May 17, 2020

Birds Eye outsources to CHEP, cuts supply chain costs

news/outsourcing/birds-eye-outsources-chep-cuts-supply-chain
Freddie Pierce
1 min
Birds Eye issues up to 12,000 pallets weekly in peak times

The partnership sees the CHEP Equipment Management (CEM) team organizing over 550,000 CHEP pallet movements a year.

The CEM service allows the food co...

The partnership sees the CHEP Equipment Management (CEM) team organizing over 550,000 CHEP pallet movements a year.

The CEM service allows the food company to outsource the management of its equipment to a dedicated control team.

The outsourcing has delivered significant efficiencies and cost savings and allows Birds Eye to focus on its core business.

CEM is responsible for all the equipment, including the capture of the supply chain activity flows.

It uses a bespoke software system that constantly analyzes Birds Eye’s supply chain and spots anomalies so that action can be taken.

The system helps Birds Eye deal with sudden increases in demand, such as when the UK pea harvest reaches its peak.

In the period between June and August every year, the company can expect to issue 12,000 pallets each week.

Kathryn Orange, Senior Manager at CHEP, said: “The main advantage of CEM is that it enables CHEP to be pro-active and support the Birds Eye supply chain including production facilities and co-packing firms located across Europe.”

Birds Eye has recently opened a new distribution center at Wisbech, Cambridgeshire. It plans to complete the move from its existing store in the Midlands by the end of June 2010.

Edited by Jennifer Denby

Links: www.chep.com

www.birdseye.co.uk

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Jun 21, 2021

Pandora and IBM digitise jewellery supply chain

supplychain
IBM
Pandora
omnichannel
2 min
Jewellery retailer Pandora teamed with IBM to streamline supply chains as sales of hand-finished jewellery doubled across ecommerce platforms

Pandora has overhauled its global supply chain in partnership with IBM amid an ecommerce sales boom for its hand-finished jewellery. 

The company found international success offering customisable charm bracelets and other personalised jewellery though its chain of bricks and mortar retail destinations. But in 2020, as the COVID-19 outbreak forced physical stores to close, Pandora strengthened its omnichannel operations and doubled online sales.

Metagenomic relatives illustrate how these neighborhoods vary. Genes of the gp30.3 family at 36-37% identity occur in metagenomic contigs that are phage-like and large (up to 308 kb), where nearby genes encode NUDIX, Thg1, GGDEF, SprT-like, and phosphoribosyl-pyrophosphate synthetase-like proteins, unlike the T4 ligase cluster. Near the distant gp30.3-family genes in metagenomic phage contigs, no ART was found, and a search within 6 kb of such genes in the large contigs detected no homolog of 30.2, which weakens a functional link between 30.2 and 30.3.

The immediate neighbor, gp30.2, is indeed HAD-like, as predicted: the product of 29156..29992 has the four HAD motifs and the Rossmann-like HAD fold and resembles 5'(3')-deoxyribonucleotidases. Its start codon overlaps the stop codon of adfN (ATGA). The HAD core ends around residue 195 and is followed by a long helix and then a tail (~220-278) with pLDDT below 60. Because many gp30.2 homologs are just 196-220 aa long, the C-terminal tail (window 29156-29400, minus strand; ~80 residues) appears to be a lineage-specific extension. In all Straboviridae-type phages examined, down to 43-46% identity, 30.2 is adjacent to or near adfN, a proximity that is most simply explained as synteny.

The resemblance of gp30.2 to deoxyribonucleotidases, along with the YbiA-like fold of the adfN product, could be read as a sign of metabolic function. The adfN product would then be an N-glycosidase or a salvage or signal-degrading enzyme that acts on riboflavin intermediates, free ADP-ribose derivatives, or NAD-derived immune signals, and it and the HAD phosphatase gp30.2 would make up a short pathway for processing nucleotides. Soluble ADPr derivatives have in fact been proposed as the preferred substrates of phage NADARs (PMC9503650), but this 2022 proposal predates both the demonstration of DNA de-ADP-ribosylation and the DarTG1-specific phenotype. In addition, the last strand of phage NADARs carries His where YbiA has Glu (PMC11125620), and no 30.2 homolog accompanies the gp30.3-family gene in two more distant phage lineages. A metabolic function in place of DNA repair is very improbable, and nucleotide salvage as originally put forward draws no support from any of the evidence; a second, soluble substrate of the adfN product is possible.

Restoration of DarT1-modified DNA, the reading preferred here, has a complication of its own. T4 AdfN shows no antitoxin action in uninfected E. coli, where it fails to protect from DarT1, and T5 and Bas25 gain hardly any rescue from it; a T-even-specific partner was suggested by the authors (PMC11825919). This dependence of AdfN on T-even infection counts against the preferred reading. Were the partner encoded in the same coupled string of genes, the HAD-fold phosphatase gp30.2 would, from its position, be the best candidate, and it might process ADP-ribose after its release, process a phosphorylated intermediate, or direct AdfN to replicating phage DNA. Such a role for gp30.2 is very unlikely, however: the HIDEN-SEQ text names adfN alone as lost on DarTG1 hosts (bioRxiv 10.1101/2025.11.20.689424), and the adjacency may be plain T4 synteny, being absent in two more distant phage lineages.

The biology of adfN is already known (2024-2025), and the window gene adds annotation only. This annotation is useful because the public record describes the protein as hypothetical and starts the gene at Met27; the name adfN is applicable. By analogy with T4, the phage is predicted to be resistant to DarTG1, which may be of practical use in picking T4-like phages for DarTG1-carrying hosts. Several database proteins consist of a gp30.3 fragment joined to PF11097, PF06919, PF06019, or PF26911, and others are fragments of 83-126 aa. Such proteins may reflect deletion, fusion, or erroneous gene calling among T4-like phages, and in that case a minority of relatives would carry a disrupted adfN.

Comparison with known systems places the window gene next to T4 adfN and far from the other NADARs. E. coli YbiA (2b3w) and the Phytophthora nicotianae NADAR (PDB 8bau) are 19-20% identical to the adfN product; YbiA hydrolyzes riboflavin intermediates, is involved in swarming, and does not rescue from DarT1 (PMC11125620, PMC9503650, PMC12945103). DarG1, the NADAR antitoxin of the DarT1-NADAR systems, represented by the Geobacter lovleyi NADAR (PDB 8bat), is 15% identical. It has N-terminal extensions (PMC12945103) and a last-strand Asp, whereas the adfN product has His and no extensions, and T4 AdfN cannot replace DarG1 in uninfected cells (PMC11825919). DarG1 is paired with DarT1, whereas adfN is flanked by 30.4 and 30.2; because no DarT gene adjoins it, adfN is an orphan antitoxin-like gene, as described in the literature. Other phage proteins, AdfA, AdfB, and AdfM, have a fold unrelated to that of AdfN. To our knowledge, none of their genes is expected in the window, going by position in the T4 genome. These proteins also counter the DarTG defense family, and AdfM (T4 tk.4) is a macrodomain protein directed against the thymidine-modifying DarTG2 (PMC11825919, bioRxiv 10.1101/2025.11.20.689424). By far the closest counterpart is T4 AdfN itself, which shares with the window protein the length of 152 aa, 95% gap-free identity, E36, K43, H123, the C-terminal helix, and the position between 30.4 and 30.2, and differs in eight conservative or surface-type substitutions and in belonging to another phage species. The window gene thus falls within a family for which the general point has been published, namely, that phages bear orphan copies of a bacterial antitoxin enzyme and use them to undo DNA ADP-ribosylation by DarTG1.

A focus on customer experience included deploying IBM’s Sterling Order Management, increasing supply chain resiliency and safeguarding against disruption across the global value chain.

Pandora leverages IBM Sterling Order Management as the backbone it its omnichannel fulfilment, with Salesforce Commerce Cloud powering its ecommerce. Greater automation across its channels has boosted the jeweller’s sustainability credentials, IBM said, streamlining processes for more efficient delivery. It has also given in-store staff and virtual customer service representatives superior end-to-end visibility to better meet consumer needs. 

Jim Cruickshank, VP of Digital Development & Retail Technology, Pandora, said the digital transformation journey has brought “digital and store technology closer together and closer to the customer”, highlighting how important the customer journey remains, even during unprecedented disruption. 

"Our mission is about creating a personal experience and we've instituted massive platform changes with IBM Sterling and Salesforce to enable new digital-first capabilities that are much more individualised, localised and connected across channels and markets,” he added. 

 

Pandora’s pivot to digital 

The pandemic forced the doors closed at most of Pandora’s 2,700 retail locations. To remain competitive, it pivoted to online retail. Virtual queuing for stores and virtual product trials via augmented reality (AR) technology went someway to emulating the in-store experience and retail theatre that is the brand’s hallmark. Meanwhile digital investments in supply chain efficiency was central to delivering on consumer demand. 

“Consumer behaviour has significantly shifted and will continue to evolve with businesses needing to quickly adapt to new preferences and needs,” said Kareem Yusuf, General Manager, AI Applications and Blockchain, IBM. “To address this shift, leading retailers like Pandora rely on innovation to increase their business agility by enabling and scaling sustainable supply chain operations using AI and cloud.”

Yusuf said Pandora’s success was indicative of how to remain competitive by “finding new ways to create differentiated customer experiences that protect their enterprises from disruptions to help mitigate risk and accelerate growth”. 
 

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